In my high school psychology class, we learned about the bystander effect, or “Genovese Syndrome”, named for Kitty Genovese, a 28-year-old woman who was stabbed to death outside her New York City apartment in the middle of the night in 1964. In the newspaper account of her murder, it was reported no one came to her aid, even though 38 people had either witnessed portions of her 30-minute attack or heard her cries for help. Psychologists used Kitty’s murder to analyze why people are reluctant to help someone. The story was a provocative way to get students to discuss whether they would step in and help someone in a similar situation. Over time it has been revealed many parts of the story were not true and people were not as indifferent as the news accounts led us to believe. However, the discussion about the bystander effect still continues.
Kitty came to my mind when I saw a news report about a girls cross-country runner who stopped to help a runner from another team who had fallen during a state sectional meet. Gracie Bucher, an 8th grader from Windom in Minnesota, collapsed not far from the finish line. Despite several attempts, she could not get back on her feet to finish the race. That was when Liana Blomgren, a senior from Mountain Lake High School, came by. Seeing Gracie on the ground, Liana grabbed her by the arm and told her “I’ve got you. You’re with me.” Liana helped Gracie finish the race. That gesture of kindness resulted in both Liana and Gracie being disqualified.
I was sad to hear Liana ended her high school cross-country career with a DQ. Gracie felt bad about it too. In fact, she sent Liana flowers and gave her a Dairy Queen, DQ, gift card as a token of appreciation. Liana said she doesn’t recall what place she was in at the sectionals for the prior two years but she will always remember this one. Liana is a terrific young woman.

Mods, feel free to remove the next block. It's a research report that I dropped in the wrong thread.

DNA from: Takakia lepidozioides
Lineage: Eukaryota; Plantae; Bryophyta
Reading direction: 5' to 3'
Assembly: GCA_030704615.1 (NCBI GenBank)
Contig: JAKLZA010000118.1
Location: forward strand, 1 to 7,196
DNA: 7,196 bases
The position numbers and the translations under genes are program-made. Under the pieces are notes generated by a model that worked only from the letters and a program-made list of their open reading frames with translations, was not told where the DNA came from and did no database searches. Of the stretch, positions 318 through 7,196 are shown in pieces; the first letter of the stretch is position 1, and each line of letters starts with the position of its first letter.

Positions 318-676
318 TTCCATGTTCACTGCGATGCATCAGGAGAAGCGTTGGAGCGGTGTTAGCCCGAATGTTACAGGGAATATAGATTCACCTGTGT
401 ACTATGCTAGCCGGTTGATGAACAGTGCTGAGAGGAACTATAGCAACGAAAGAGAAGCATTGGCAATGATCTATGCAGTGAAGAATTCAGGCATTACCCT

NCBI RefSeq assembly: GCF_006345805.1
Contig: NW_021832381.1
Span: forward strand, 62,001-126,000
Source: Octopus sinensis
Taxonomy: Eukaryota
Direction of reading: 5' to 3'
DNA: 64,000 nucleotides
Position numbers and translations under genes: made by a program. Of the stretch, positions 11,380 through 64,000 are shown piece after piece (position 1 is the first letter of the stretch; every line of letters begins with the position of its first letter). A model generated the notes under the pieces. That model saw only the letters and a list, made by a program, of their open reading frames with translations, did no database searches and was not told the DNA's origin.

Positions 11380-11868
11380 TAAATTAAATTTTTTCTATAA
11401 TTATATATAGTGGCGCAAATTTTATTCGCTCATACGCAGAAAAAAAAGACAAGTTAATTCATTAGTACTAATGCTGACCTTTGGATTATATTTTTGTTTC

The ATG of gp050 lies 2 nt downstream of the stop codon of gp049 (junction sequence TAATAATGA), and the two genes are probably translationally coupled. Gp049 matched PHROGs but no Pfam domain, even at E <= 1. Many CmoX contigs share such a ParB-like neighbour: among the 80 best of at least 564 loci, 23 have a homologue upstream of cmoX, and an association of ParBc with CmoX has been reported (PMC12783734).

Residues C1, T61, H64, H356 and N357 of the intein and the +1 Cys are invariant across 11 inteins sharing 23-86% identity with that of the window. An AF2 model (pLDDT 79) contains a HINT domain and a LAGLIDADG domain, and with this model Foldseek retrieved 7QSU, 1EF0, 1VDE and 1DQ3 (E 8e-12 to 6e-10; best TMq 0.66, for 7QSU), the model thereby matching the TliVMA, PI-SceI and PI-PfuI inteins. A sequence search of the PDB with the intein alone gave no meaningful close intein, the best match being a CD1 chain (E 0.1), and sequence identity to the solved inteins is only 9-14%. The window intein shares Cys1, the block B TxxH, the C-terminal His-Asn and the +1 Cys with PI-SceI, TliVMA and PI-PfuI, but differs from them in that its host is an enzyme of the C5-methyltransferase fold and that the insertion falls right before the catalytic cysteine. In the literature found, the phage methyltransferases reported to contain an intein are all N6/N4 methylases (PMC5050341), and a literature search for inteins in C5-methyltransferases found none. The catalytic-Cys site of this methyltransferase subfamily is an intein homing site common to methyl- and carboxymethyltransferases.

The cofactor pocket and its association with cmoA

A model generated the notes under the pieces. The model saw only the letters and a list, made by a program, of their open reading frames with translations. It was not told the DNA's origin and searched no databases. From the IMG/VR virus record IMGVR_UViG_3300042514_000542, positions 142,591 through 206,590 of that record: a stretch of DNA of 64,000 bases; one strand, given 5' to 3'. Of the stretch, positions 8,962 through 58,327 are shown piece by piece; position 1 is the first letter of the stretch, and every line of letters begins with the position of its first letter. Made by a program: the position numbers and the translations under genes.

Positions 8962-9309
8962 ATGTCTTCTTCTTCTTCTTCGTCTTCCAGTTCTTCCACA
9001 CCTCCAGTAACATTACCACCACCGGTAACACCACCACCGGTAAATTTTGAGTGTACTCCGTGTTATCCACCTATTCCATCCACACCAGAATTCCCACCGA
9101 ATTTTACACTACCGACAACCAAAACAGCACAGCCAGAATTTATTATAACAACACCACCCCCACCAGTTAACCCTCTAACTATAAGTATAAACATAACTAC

Over the years I have seen many instances of a runner helping another runner to the finish line. This happens in all kinds of races, including marathons and half marathons. There are a number of reasons why a runner might collapse – twisted ankles; falls from tripping; tendons that give out; dehydration; or, in Gracie’s case, an undiagnosed case of mononucleosis. Who can forget the collision of Abbey D’Agostino (USA) and Nikki Hamblin (New Zealand) half way through a qualifying heat for the women’s 5000 meter race in the 2016 Summer Olympics? Abbey and Nikki helped each other to get back up and finish the race. They personified true sportsmanship. It is comforting to know some runners are willing to put kindness and compassion above competition.
The National Federation of State High School Associations Board of Directors has changed the rules for high school track and field in 2017. With the new rule, “a participant who assists an injured/ill competitor shall not be disqualified if an appropriate health-care professional is not available.” As I interpret this new rule, I think Liana still would have been disqualified. Gracie collapsed not too far from the finish line where conceivably there would have been appropriate health-care professionals. They would have seen Gracie struggling and could have intervened. Maybe I am wrong.
I question rules that penalize someone for helping another person in need. Instead we should foster an attitude that encourages people to help each other. The lessons we enforce in sports competition carry over into day-to-day life. I experienced this first hand in 2014 when I fell and broke my arm during a training run. I will remember forever Rebecca, a stranger who helped me until a friend arrived to take me to the hospital. Although she could have finished her own run, Rebecca stopped to help me. Without her help I probably would have gone into shock. Rebecca kept me calm while we waited for my friend. As runners, we are frequently alone but we are also part of a larger community. We should always have each other’s back and never be afraid to lend a hand – in a race or on a trail.